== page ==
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Health Budget Kicks Can Down Road, Experts Say

On balance, health care for the neediest Texans didn't fare well this session. Departing lawmakers leave behind a Medicaid budget that most experts agree is too low, and they predict it will spawn a hole in the state budget that will have to be filled later.

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Lawmakers sailed off into the sunset Monday hailing the conservative budget they had passed to fund Texas for the next two years — one that, when it comes to delivering health care to the neediest Texans, likely won't stay afloat.

"Disaster is averted," said Anne Dunkelberg, associate director of the left-leaning Center for Public Policy Priorities. "On the other hand, we really fell short on some pretty important investments."

The $61.2 billion legislators budgeted for the next two years of Medicaid — the joint state-federal insurance program for the poor and disabled — almost certainly won't be enough, experts of all political leanings agree, and the state will probably have to pump in more money before the biennial budget cycle is through.

Meanwhile, Texas leaders continued their opposition to expanding Medicaid coverage under the Affordable Care Act, President Obama’s signature health law, so the state continues to forgo billions of dollars in federal aid, advocates for the uninsured say.

Budget negotiations left behind a lot of unhappy people, including primary care doctors, private companies that offer Medicaid insurance plans, and therapy providers for children and the elderly who all stand to be paid less for treating Medicaid or needy patients.

But there were some winners, including rural and safety-net hospitals, which will see a $573.3 million increase in payments, helping to offset big cuts made in earlier years. 

“In one sense, rural hospitals were one of the biggest winners,” said Don McBeath, a spokesman for the Texas Organization of Rural and Community Hospitals. “It will help reduce future losses.”

Funding for mental health services increased as well, by about $150 million, though that happened outside of the Medicaid budget.

Experts on both sides agree that lawmakers probably shortchanged Medicaid, even after increasing the two-year budget by $2.1 billion, leaving a budget hole that will have to be filled later. They didn't allow for inflation and used rosy estimates of projected "cost containment" savings, they said, all but ensuring that the program will require some shoring up in the form of a supplemental budget when lawmakers return in 2017.

“There is absolutely no question that the decision we made will ensure that there has to be a supplemental budget,” Dunkelberg said.

On that point, fiscal conservatives agreed.

“We didn’t see any major Medicaid reforms this session, so the cost-containment is kind of nibbling around the edges,” said John Davidson, a health policy analyst for the conservative Texas Public Policy Foundation. “I think that the estimates of what can be saved in the Medicaid budget absent any significant Medicaid reform are optimistic.”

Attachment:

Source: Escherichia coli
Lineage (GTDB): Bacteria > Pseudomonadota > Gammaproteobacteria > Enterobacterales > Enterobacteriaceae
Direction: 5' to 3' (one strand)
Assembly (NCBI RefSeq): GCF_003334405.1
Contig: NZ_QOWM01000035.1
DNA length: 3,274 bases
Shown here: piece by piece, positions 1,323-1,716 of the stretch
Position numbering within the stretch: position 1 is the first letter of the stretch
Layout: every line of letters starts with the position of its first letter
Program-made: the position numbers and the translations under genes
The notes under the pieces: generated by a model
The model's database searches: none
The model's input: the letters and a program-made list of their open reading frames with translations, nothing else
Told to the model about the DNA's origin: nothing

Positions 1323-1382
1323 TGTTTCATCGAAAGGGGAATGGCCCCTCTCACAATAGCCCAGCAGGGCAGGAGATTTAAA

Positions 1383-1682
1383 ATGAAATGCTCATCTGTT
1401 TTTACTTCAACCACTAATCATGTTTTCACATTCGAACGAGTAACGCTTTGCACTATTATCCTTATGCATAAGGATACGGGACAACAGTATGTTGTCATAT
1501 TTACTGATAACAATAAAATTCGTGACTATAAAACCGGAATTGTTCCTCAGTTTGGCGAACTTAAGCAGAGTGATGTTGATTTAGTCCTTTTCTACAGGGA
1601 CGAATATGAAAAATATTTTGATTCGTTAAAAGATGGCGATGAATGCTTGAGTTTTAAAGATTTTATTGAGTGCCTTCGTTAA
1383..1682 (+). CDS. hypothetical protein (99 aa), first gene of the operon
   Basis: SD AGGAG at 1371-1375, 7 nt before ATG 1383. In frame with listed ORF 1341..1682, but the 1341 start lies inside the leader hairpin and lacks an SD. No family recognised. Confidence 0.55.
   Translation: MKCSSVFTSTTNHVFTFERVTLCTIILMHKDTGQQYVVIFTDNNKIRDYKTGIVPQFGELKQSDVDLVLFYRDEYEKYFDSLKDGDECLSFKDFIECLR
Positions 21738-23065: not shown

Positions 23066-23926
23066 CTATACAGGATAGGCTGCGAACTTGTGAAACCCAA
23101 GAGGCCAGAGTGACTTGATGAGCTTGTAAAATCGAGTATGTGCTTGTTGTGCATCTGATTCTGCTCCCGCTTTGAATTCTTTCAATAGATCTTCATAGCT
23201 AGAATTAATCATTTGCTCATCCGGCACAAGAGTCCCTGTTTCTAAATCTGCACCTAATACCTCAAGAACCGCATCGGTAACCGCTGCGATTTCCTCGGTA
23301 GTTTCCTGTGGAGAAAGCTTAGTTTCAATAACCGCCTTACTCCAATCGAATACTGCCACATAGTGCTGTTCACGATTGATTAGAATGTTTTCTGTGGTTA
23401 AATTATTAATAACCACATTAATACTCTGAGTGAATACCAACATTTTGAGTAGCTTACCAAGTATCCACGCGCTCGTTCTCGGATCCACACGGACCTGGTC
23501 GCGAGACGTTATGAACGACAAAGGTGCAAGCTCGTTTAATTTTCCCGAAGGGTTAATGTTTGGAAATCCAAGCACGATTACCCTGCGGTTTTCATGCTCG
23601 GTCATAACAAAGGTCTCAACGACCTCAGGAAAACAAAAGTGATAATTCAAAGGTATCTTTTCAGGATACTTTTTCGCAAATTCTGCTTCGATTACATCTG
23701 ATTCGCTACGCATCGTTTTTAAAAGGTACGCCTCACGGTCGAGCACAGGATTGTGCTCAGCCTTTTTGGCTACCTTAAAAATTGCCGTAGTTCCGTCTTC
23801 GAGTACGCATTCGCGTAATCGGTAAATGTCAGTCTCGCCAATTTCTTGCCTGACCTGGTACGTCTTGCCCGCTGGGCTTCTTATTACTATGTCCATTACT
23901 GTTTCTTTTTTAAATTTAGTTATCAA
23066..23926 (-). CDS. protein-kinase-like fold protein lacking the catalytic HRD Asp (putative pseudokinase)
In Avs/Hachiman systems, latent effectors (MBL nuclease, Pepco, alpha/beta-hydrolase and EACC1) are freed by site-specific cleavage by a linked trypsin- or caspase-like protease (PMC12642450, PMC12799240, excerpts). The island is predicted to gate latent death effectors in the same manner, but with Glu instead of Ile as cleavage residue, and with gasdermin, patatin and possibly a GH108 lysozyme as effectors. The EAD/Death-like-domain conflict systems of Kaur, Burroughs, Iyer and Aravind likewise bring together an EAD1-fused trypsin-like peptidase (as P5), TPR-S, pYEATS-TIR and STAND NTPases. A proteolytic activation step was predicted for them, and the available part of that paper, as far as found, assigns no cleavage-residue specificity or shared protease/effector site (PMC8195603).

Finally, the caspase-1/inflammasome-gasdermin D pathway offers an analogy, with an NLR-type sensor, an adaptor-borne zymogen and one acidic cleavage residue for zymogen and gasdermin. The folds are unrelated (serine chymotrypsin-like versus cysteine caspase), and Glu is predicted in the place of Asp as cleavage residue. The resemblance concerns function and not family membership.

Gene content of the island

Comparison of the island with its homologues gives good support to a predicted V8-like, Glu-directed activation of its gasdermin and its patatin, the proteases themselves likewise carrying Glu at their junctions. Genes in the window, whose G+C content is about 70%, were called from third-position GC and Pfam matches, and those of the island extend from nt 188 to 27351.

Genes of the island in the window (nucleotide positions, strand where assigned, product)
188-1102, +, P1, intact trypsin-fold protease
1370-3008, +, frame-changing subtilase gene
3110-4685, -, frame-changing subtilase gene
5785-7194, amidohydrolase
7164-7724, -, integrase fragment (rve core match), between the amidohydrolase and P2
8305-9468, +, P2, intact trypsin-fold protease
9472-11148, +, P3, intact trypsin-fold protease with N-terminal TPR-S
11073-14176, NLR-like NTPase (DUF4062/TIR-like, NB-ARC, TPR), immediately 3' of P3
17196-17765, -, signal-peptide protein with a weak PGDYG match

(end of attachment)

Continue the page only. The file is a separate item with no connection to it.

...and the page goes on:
Meanwhile, the Medicaid program’s caseload — about 4.1 million Texans today — continues to grow. Experts predict the Affordable Care Act will prompt more eligible Texans to “crawl out of the woodwork” and enroll in Medicaid as they learn about the health law. Of the total $2.1 billion increase, state lawmakers set aside about $1.7 billion to manage the swelling ranks, even though they did not accept federal funds to expand Medicaid to roughly a million more people who could qualify for coverage.

Doctors fear the health care system will have a difficult time absorbing the influx of Medicaid patients, many with pent-up medical needs. Primary care doctors hoped for a nearly $1 billion budget boost that would allow them to be paid the same for treating Medicaid patients as they are under Medicare, the federal insurance program for the elderly.

But they came away from the budget negotiations with nothing. Under the ACA, Medicaid doctors saw their payments temporarily raised to Medicare levels, but when that funding expired they went back down to about 65 percent of what Medicare pays. State lawmakers opted to keep them there.

That, combined with increasing Medicaid enrollment, is "kind of like two converging tsunamis coming in at the same time," said Tom Garcia, president of the Texas Medical Association, a physician lobby group.

"We know the number of these physicians that had been participating is going to drop even farther," he said. "From the patient-doctor relationship, it’s a huge loss, and it's the patient who’s going to lose the worst, in my opinion."

Additionally, some therapy providers saw their payments cut by about $350 million over the biennium. Managed care organizations, the private companies that offer Medicaid insurance plans, had their profit margins reduced 0.5 percent.

Disclosure: The Center for Public Policy Priorities, the Texas Public Policy Foundation and the Texas Medical Association are corporate sponsors of The Texas Tribune. A complete list of Tribune donors and sponsors can be viewed here.  

This story was produced in partnership with Kaiser Health News, an editorially independent program of the Henry J. Kaiser Family Foundation, a nonprofit, nonpartisan health policy research and communication organization not affiliated with Kaiser Permanente.

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Health care Politics State government Health And Human Services Commission Medicaid Texas Legislature